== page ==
Down At Heel

When Sydney was small
My size 12 running shoe
Was a thing she could sleep in
And–once or twice–chew.

When Sydney was young
I’d slip on my size 12s
And together we’d ramble
For miles by ourselves.

When Sydney was older
My running shoes walked
At her side or behind her;
She sniffed and I talked.

When Sydney was fading
I’d slip off my shoes
At the end of a run
And she’d sniff them for news.

Since Sydney departed
That cold winter morn,
Their laces have frayed and
The heels have grown worn

But those 12s are the shoes
I still wear when I jog.
There’s a hole in my sole
And it’s thanks to my dog.

A Night In Old Vienna

Of course, we’ll begin
With Johann Strauss’
Blue Danube, and then
Die Fledermaus.
Schatz-Walzer comes next
(That’s “Treasure Waltz”
In case you’re perplexed),
Then social faults
Like gossip and drink
We’ll celebrate
With Tritsch-Tratsch…I think
It’s getting late,
So Emporer, then
We will end
With Strauss Sr.’s
Radetzky March,
And go home.

Cat O’Mime Tales

My cat thinks I’m deaf.
I’m not sure what to do.
She yawns like she’s yowling
But nothing comes through.
She hops on my lap
And climbs up to my chest
And pretends she’s meowing.
She’s not. It’s a test,
Or perhaps an elaborate
Practical joke
Played by calico kind
On us human-type folk.
I touch her, she shudders;
It feels like a purr
But no audible rumbling
Comes tumbling from her.
My cat thinks I’m deaf,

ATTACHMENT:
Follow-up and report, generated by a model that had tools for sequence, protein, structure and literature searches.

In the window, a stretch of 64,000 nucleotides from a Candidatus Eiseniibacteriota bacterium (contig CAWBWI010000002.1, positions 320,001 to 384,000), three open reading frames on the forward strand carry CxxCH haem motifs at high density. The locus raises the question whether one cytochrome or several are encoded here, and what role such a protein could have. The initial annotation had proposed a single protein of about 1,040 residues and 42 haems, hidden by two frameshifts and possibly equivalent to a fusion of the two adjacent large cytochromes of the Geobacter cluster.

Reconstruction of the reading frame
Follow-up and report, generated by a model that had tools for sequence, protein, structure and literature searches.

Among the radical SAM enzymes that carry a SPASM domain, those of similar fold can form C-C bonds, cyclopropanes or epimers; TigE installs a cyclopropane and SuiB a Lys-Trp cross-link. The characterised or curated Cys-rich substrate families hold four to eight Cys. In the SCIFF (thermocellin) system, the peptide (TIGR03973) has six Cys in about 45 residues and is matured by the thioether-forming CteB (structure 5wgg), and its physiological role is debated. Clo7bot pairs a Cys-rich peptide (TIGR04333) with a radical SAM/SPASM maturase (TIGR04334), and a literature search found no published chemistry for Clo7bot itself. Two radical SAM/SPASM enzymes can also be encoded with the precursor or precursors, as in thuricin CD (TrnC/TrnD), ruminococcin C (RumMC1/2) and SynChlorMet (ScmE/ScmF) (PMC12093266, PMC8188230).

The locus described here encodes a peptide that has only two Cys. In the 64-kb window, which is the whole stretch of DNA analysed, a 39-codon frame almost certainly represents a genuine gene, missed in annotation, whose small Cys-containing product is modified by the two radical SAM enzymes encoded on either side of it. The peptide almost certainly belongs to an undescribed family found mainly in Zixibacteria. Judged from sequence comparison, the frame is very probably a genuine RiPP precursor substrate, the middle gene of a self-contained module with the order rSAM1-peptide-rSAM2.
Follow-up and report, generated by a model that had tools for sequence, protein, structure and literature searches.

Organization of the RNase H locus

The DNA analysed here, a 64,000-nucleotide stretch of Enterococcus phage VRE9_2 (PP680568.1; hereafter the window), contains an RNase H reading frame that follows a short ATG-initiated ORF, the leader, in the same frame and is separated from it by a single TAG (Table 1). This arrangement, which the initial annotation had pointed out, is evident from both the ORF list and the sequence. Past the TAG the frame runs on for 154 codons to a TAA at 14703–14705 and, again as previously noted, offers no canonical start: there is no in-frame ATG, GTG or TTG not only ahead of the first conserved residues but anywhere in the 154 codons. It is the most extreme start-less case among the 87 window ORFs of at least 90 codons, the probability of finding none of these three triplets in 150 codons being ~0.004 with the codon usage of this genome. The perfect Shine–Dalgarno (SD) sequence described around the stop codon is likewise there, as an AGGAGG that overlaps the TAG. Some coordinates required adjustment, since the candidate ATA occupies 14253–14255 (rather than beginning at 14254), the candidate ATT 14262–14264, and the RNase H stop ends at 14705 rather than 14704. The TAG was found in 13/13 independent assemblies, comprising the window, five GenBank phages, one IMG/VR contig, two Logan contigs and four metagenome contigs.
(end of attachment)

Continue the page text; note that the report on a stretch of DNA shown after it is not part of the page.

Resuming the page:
But I guess that’s okay,
‘Cause I think she’s not hungry!
Fun game. Two can play!


I would like to live in a Mexican restaurant
Not in the back where I’d have to make food
For others to eat until there were no others
Because I’m making the food
And I’d have to eat it myself
By myself
And that’s just Real Life With Hairnets

I would like to live in a Mexican restaurant
In a cracked vinyl booth under a mural
Of a runaway bull cornered by caballeros
Wielding lariats and machismo
In the red-yellow dust of a plaza
Where señoritas watch the daily spectacle
From the doorway of a cantina
Beneath a sign painted with the name
Of the restaurant I call home

My perspiring brown plastic glass of iced tap water
Leaves white rings of wet on the formica
Which I hate
And try to hide
By moving the red lumpy glass candle away
From its post by the scarred silver dispenser
Of tissue-thin white napkins
That I should have placed beneath my glass

I eat chips and salsa and salsa
And spill
And try to learn the language from the fútbol on the TV
Above the bar I never approach
Because la cerveza comes to me in my booth
Beneath the mural of the desperate bull
Because I live here
In a Mexican restaurant

And frijoles smell like home